A flight at any height is prohibited unless the permission of the air traffic control unit or flight information service unit has been obtained.

    (a)   There is neither an air traffic control unit nor a flight information service unit at the protected aerodrome; or

    (b)   there is either an air traffic control unit or a flight information service unit at the protected aerodrome, and the flight takes place outside the notified hours of watch of the air traffic control unit or flight information service unit; or

    (c)   there are both an air traffic control unit and a flight information service unit at the protected aerodrome, and the flight takes place outside the notified hours of watch of the air traffic control unit and outside the notified hours of watch of the flight information service unit.

    Inner Zone

    (1) A flight at a height up to and including 400 feet above the surface is prohibited unless the permission of the operator of the aerodrome has been obtained.

     

    (2) A flight at a height of more than 400 feet above the surface is prohibited unless both-

    (a) the permission of the operator of the aerodrome has been obtained, and

     

    (b) the permission of the CAA has been obtained.

     
    Outer Zone     A flight at a height of more than 400 feet above the surface is prohibited unless the permission of the CAA has been obtained.

     

    (4) The 1 km line is to be drawn so that the area which is bounded by it includes every location that is 1 km from the boundary of the aerodrome, measured in any direction from any point on the boundary. 

    (5) In this article, “protected aerodrome” means- 

    (a)  an EASA certified aerodrome; 

    (b) a Government aerodrome; 

    (c) a national licensed aerodrome; or

    (d) an aerodrome that is prescribed or of a prescribed description.

     

    (1) The SUA operator must not cause or permit a small unmanned surveillance aircraft to be flown in any of the circumstances described in paragraph (2), and the remote pilot of a small unmanned surveillance aircraft must not fly it in any of those circumstances, except in accordance with a permission issued by the CAA.

    (2) The circumstances referred to in paragraph (1) are-

    (a) over or within 150 metres of any congested area;

    (b) over or within 150 metres of an organised open-air assembly of more than 1,000 persons;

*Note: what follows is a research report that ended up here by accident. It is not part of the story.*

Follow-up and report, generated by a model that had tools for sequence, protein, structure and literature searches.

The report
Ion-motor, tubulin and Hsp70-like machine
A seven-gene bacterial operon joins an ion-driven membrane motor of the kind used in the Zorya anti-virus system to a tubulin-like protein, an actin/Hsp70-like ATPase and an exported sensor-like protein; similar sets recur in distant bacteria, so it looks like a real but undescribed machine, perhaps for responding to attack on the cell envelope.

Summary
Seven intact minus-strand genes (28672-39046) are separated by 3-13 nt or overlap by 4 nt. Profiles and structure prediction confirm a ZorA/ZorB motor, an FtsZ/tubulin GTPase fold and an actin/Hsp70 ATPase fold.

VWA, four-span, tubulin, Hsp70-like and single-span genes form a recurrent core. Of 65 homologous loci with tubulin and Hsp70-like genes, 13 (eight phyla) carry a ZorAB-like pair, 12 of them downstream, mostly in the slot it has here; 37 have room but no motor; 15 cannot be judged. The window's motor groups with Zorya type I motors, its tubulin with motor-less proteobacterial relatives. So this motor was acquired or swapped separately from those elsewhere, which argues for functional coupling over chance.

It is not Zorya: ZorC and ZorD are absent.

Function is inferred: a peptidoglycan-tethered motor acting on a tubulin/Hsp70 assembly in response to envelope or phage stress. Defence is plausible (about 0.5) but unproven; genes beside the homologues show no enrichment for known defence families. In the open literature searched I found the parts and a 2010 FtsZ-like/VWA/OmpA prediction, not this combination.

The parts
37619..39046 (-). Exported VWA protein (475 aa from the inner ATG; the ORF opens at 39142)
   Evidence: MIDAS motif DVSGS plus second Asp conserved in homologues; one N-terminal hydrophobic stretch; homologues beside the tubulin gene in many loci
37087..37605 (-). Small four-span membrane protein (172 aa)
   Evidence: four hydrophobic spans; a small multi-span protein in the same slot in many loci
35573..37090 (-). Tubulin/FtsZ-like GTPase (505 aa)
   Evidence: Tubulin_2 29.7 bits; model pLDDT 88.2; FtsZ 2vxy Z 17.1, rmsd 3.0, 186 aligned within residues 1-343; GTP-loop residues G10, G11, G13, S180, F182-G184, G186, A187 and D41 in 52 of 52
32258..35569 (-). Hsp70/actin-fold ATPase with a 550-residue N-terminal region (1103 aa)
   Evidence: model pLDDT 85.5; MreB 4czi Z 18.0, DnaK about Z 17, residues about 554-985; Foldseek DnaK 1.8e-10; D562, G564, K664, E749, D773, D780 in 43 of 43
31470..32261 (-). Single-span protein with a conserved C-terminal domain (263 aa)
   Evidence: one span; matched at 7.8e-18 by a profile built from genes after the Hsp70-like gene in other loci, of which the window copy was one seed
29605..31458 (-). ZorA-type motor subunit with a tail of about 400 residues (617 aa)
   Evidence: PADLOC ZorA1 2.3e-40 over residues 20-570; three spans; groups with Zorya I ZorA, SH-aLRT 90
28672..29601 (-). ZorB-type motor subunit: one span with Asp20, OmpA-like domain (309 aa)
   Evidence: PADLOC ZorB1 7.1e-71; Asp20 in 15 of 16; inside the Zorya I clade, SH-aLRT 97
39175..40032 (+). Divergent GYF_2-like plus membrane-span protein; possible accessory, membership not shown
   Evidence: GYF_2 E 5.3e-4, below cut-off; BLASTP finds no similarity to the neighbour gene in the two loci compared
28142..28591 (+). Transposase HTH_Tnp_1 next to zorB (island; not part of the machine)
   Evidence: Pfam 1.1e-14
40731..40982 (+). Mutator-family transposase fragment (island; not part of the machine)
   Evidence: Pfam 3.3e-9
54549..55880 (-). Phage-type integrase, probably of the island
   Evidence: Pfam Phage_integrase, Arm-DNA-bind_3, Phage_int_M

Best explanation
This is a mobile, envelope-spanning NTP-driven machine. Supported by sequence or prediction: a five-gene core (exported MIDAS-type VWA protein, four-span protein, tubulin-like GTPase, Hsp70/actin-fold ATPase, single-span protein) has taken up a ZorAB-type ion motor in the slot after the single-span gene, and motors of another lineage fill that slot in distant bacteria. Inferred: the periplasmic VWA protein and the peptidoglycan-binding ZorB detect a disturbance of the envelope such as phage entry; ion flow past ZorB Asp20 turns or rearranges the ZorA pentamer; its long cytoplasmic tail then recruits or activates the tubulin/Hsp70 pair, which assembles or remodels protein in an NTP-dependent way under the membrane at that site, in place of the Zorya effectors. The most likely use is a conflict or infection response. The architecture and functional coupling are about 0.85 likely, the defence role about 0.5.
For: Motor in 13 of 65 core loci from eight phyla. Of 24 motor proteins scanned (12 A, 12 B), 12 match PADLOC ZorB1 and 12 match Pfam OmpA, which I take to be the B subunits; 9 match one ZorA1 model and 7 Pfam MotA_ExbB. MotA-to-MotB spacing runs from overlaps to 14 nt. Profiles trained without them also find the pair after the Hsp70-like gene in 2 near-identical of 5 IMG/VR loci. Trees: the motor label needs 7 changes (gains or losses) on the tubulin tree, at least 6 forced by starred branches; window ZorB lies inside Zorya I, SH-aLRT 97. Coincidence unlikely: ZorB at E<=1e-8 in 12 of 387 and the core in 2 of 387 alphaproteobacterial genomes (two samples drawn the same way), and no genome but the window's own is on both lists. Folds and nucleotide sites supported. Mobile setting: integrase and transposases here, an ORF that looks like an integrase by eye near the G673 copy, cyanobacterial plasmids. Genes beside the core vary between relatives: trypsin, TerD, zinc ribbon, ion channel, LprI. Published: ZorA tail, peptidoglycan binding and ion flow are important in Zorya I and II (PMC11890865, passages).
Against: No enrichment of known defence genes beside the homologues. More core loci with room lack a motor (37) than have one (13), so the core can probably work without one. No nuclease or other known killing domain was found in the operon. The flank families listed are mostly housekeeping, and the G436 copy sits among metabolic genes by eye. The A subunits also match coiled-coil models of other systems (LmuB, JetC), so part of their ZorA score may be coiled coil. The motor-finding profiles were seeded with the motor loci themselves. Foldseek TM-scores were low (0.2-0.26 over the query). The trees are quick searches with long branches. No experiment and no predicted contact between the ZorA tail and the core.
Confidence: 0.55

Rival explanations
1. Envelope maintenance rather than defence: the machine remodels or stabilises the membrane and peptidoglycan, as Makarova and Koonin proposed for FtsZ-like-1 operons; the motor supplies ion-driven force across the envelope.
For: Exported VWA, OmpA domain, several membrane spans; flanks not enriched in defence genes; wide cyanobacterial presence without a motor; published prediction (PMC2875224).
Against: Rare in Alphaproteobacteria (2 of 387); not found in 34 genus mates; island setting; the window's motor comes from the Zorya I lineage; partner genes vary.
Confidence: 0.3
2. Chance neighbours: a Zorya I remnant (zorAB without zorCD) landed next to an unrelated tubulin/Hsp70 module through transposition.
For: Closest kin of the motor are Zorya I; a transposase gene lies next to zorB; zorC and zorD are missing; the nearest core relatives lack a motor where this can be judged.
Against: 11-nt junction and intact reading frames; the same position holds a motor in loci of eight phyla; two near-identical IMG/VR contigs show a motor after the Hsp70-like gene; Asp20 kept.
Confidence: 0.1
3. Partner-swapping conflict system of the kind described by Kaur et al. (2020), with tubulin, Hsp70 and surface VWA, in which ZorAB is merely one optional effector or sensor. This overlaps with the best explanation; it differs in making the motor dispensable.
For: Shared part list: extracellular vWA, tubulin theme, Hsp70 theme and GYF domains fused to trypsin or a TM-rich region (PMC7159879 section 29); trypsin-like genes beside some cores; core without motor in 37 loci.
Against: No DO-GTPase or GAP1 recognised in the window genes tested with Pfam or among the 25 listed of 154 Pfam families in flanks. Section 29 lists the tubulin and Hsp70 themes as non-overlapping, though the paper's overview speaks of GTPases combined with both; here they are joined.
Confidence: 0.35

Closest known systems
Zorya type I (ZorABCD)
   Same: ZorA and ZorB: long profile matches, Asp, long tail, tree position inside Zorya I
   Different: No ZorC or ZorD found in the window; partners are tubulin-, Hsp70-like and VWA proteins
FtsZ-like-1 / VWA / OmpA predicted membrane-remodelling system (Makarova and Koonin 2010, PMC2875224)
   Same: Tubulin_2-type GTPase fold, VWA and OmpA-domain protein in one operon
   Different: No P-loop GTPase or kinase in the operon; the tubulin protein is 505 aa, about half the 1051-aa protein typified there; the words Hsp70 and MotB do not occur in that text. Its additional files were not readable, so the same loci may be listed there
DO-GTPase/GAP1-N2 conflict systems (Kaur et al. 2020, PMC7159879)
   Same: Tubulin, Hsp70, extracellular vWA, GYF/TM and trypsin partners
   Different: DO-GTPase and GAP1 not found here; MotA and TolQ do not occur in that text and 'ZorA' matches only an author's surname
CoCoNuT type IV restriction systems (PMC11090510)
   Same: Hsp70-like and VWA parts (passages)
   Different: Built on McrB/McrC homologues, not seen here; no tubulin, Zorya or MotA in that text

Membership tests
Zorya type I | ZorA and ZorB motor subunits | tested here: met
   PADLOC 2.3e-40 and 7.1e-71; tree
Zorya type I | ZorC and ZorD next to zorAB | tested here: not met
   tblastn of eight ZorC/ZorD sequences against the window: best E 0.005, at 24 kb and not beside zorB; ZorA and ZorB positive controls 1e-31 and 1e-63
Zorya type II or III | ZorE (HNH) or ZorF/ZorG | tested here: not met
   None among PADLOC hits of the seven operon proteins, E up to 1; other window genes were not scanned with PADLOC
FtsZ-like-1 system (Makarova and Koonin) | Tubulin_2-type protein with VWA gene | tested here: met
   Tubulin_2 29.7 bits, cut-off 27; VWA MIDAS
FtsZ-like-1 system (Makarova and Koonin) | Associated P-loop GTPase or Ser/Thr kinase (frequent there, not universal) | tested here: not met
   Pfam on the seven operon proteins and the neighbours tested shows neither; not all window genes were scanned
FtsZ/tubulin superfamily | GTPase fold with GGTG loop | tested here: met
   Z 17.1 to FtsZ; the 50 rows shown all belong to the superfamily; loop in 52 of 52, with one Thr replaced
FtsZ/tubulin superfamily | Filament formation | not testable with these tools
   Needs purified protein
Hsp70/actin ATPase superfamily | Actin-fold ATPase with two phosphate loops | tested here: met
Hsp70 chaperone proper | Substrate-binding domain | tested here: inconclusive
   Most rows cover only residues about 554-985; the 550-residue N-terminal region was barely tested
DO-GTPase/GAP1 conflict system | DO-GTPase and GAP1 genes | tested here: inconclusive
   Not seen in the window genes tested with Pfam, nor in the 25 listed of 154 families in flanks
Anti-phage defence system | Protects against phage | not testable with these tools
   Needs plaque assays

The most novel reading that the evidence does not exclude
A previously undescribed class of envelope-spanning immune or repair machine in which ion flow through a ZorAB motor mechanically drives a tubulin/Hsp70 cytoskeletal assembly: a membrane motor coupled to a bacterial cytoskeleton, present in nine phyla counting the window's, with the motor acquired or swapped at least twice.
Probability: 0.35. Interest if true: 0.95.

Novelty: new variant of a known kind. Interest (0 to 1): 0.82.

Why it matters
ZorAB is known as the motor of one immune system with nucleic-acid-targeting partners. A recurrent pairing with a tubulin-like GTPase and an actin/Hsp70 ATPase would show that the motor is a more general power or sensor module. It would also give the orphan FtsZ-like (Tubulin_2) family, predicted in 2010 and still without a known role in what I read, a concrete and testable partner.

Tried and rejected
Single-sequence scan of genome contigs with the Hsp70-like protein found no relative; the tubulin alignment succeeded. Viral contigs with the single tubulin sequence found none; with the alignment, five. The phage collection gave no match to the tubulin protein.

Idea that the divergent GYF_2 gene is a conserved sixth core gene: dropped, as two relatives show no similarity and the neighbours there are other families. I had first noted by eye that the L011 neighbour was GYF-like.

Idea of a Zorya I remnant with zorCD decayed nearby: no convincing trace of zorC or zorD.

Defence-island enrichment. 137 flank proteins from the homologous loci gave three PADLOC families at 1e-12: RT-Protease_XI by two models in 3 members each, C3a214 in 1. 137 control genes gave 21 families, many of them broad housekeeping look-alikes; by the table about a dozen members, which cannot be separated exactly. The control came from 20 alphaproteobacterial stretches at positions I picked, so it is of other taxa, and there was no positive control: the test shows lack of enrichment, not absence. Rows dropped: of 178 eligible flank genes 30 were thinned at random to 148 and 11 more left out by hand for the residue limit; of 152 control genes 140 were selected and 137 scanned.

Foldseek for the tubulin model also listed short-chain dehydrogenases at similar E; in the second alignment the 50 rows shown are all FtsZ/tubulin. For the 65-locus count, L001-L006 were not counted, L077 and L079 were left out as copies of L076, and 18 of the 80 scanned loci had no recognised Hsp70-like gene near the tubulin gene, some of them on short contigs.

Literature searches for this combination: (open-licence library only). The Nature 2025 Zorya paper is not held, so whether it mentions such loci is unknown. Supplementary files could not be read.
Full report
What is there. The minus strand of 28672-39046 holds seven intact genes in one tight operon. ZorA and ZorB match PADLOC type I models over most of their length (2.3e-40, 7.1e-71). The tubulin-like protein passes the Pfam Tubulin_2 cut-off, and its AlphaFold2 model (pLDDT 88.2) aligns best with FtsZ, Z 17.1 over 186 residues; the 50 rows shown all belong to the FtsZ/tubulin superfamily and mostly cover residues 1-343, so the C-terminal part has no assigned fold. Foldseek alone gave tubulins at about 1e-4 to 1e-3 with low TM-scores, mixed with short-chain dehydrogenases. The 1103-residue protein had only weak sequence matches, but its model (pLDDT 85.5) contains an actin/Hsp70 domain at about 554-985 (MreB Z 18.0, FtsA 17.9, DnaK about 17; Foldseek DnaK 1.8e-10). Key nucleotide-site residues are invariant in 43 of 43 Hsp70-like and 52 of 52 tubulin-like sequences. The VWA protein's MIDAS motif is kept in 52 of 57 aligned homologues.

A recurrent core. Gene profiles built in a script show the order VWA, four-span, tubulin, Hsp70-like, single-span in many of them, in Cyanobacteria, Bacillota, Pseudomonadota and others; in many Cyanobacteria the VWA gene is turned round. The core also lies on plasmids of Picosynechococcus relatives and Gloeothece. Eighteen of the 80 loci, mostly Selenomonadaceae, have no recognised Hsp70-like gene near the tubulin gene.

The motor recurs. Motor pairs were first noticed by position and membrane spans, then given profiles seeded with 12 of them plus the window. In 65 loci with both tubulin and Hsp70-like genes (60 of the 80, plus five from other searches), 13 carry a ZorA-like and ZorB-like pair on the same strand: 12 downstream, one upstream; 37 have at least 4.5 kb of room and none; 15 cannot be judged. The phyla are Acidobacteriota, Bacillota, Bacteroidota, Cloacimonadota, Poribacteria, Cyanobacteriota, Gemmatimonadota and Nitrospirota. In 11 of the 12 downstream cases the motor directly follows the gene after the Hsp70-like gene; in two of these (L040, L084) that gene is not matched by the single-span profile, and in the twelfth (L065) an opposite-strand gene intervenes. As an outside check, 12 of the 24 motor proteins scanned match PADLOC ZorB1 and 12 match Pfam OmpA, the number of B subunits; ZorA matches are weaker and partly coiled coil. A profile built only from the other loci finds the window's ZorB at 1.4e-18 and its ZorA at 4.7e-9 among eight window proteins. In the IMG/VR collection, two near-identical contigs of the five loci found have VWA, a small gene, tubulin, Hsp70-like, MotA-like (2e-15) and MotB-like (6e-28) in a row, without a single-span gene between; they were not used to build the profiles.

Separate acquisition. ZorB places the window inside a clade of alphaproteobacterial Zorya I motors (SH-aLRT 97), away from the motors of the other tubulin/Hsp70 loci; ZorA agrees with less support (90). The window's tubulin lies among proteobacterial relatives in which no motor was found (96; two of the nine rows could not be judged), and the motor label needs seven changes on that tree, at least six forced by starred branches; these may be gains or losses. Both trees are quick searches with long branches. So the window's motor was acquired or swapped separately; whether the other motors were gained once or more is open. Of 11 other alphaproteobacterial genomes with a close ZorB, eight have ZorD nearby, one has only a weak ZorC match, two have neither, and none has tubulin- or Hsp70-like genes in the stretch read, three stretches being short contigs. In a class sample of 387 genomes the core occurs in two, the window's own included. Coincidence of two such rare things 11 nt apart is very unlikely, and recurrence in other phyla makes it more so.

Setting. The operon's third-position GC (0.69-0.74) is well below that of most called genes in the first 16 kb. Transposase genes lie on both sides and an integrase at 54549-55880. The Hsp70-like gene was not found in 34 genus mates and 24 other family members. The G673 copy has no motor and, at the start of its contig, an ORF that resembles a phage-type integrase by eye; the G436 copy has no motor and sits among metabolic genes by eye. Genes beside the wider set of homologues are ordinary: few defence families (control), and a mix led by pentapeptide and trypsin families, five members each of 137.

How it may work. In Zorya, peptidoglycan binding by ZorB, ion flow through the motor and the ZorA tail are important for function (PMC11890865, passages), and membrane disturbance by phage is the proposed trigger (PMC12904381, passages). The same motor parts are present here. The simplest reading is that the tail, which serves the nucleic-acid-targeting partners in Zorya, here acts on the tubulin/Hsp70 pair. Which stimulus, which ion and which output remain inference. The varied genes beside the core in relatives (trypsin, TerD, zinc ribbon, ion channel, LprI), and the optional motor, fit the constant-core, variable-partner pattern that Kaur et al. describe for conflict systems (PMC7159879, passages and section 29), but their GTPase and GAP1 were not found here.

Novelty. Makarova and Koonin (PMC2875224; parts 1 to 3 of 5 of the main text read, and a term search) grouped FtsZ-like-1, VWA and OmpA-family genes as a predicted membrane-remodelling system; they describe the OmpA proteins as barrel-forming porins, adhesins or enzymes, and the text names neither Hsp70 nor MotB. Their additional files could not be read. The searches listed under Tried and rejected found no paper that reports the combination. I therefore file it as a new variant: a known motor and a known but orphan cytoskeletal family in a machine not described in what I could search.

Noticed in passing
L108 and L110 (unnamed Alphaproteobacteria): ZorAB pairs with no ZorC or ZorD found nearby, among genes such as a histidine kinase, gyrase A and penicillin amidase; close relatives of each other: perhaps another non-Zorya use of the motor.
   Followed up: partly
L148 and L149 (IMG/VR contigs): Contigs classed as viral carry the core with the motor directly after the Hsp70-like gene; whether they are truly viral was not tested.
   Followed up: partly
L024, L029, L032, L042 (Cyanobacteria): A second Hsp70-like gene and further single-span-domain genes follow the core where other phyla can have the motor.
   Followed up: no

(c) within 50 metres of any vessel, vehicle or structure which is not under the control of the SUA operator or the remote pilot of the aircraft; or

    (d) subject to paragraphs (3) and (4), within 50 metres of any person.

    (3) Subject to paragraph (4), during take-off or landing, a small unmanned surveillance aircraft must not be flown within 30 metres of any person.

    (4) Paragraphs (2)(d) and (3) do not apply to the remote pilot of the small unmanned surveillance aircraft or a person under the control of the remote pilot of the aircraft.

    (5) In this article, “a small unmanned surveillance aircraft” means a small unmanned aircraft which is equipped to undertake any form of surveillance or data acquisition.

  • Model aircraft with a mass of more than 20kg are termed ‘Large Model Aircraft’ - within the UK, large model aircraft may only be flown in accordance with an Exemption from the ANO, which must be issued by the CAA.  

    Full details on the process to be followed for Large Model Aircraft can be found in CAP 658

  • Article 94A - 400ft height limitation interpretation 

    In aviation terms, ‘height’ means the vertical distance of an object (in this case the small unmanned aircraft) from a specified point of datum (in this case above the surface of the earth). To cater for the few occasions where a small unmanned aircraft is being flown over hilly/undulating terrain or close to a cliff edge, the 400 ft height above the surface requirement may be interpreted as being a requirement to remain within a 400 ft distance from the surface, as shown in the diagram below. For the purposes of Article 94A, this is considered to be an acceptable means of compliance with the legal requirement.

    Remember that the limitation applies to ‘heights above/distances from’ the surface of the earth. It does not automatically apply to heights/distances from tall buildings or other structures: in such cases, an additional permission from the CAA will be required, which will invariably also require permission to operate within a congested area.

    The CAA recognises that a 400ft height limitation can be difficult to achieve for some aspects of model flying and we also acknowledge the good historical safety record that model aircraft flying has when operated under the ‘best practice’ offered through established model flying associations. In recognition of this, permission to operate above 400ft, under certain defined circumstances, has been issued to a number of UK Model Aircraft Associations for use by their members. Please contact your association or further details of the conditions within this permission.

    400ftrule

    Large Model Aircraft

    Model aircraft with a mass of more than 20kg are termed ‘Large Model Aircraft’ - within the UK, large model aircraft may only be flown in accordance with an exemption from the ANO, which must be issued by the CAA.  Full details on the process to be followed for Large Model Aircraft can be found in CAP658.